|US6274007||Mar 14, 2000||Aug 14, 2001||Sceptre Electronics Limited||Methods of formation of a silicon nanostructure, a silicon quantum wire array and devices based thereon|
|US6438025||Sep 8, 2000||Aug 20, 2002||Sergei Skarupo||Magnetic memory device|
|US6447663||Oct 24, 2000||Sep 10, 2002||Ut-Battelle, Llc||Programmable nanometer-scale electrolytic metal deposition and depletion|
|US6465813||Mar 18, 1999||Oct 15, 2002||Hyundai Electronics Industries Co., Ltd.||Carbon nanotube device|
|US6566704||Jun 27, 2001||May 20, 2003||Samsung Electronics Co., Ltd.||Vertical nano-size transistor using carbon nanotubes and manufacturing method thereof|
|US6586785||Jun 29, 2001||Jul 1, 2003||California Institute Of Technology||Aerosol silicon nanoparticles for use in semiconductor device fabrication|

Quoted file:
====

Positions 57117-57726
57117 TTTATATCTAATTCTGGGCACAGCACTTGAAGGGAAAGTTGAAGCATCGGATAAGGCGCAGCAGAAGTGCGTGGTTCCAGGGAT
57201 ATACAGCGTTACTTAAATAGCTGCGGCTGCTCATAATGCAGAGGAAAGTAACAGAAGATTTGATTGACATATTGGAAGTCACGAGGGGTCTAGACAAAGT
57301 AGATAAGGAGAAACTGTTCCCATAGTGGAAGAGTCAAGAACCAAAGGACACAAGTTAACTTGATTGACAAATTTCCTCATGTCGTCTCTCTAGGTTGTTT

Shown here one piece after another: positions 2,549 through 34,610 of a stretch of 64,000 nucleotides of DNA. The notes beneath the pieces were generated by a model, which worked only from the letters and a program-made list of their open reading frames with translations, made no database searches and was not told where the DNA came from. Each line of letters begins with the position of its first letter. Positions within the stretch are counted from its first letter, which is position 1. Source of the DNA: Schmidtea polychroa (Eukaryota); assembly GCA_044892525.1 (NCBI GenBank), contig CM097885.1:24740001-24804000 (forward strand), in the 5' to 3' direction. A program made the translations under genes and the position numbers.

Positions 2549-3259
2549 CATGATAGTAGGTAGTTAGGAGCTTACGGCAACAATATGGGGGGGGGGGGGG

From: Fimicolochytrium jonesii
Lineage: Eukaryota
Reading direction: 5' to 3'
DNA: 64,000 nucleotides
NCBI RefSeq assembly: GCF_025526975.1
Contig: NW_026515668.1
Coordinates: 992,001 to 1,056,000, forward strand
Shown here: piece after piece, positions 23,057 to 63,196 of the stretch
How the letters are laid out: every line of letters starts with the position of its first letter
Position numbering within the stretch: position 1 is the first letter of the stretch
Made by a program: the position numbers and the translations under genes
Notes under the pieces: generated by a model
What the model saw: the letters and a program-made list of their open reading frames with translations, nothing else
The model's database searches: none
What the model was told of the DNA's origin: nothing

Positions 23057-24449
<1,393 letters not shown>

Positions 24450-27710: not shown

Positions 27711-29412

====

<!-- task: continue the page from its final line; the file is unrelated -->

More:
|US6672925||Aug 17, 2001||Jan 6, 2004||Motorola, Inc.||Vacuum microelectronic device and method|
|US6706566||May 13, 2002||Mar 16, 2004||International Business Machines Corporation||Methodology for electrically induced selective breakdown of nanotubes|
|US6760245||May 1, 2002||Jul 6, 2004||Hewlett-Packard Development Company, L.P.||Molecular wire crossbar flash memory|
|US6790425||Oct 27, 2000||Sep 14, 2004||Wiliam Marsh Rice University||Macroscopic ordered assembly of carbon nanotubes|
|US6798000||Jul 3, 2001||Sep 28, 2004||Infineon Technologies Ag||Field effect transistor|
|US6815218||Jun 8, 2000||Nov 9, 2004||Massachusetts Institute Of Technology||Methods for manufacturing bioelectronic devices|
|US6872645||Sep 10, 2002||Mar 29, 2005||Nanosys, Inc.||Methods of positioning and/or orienting nanostructures|
|US6882051||Mar 29, 2002||Apr 19, 2005||The Regents Of The University Of California||Nanowires, nanostructures and devices fabricated therefrom|
|US6903717||Sep 13, 2002||Jun 7, 2005||Hitachi, Ltd.||Display device having driving circuit|
|US20020117659||Dec 11, 2001||Aug 29, 2002||Lieber Charles M.||Nanosensors|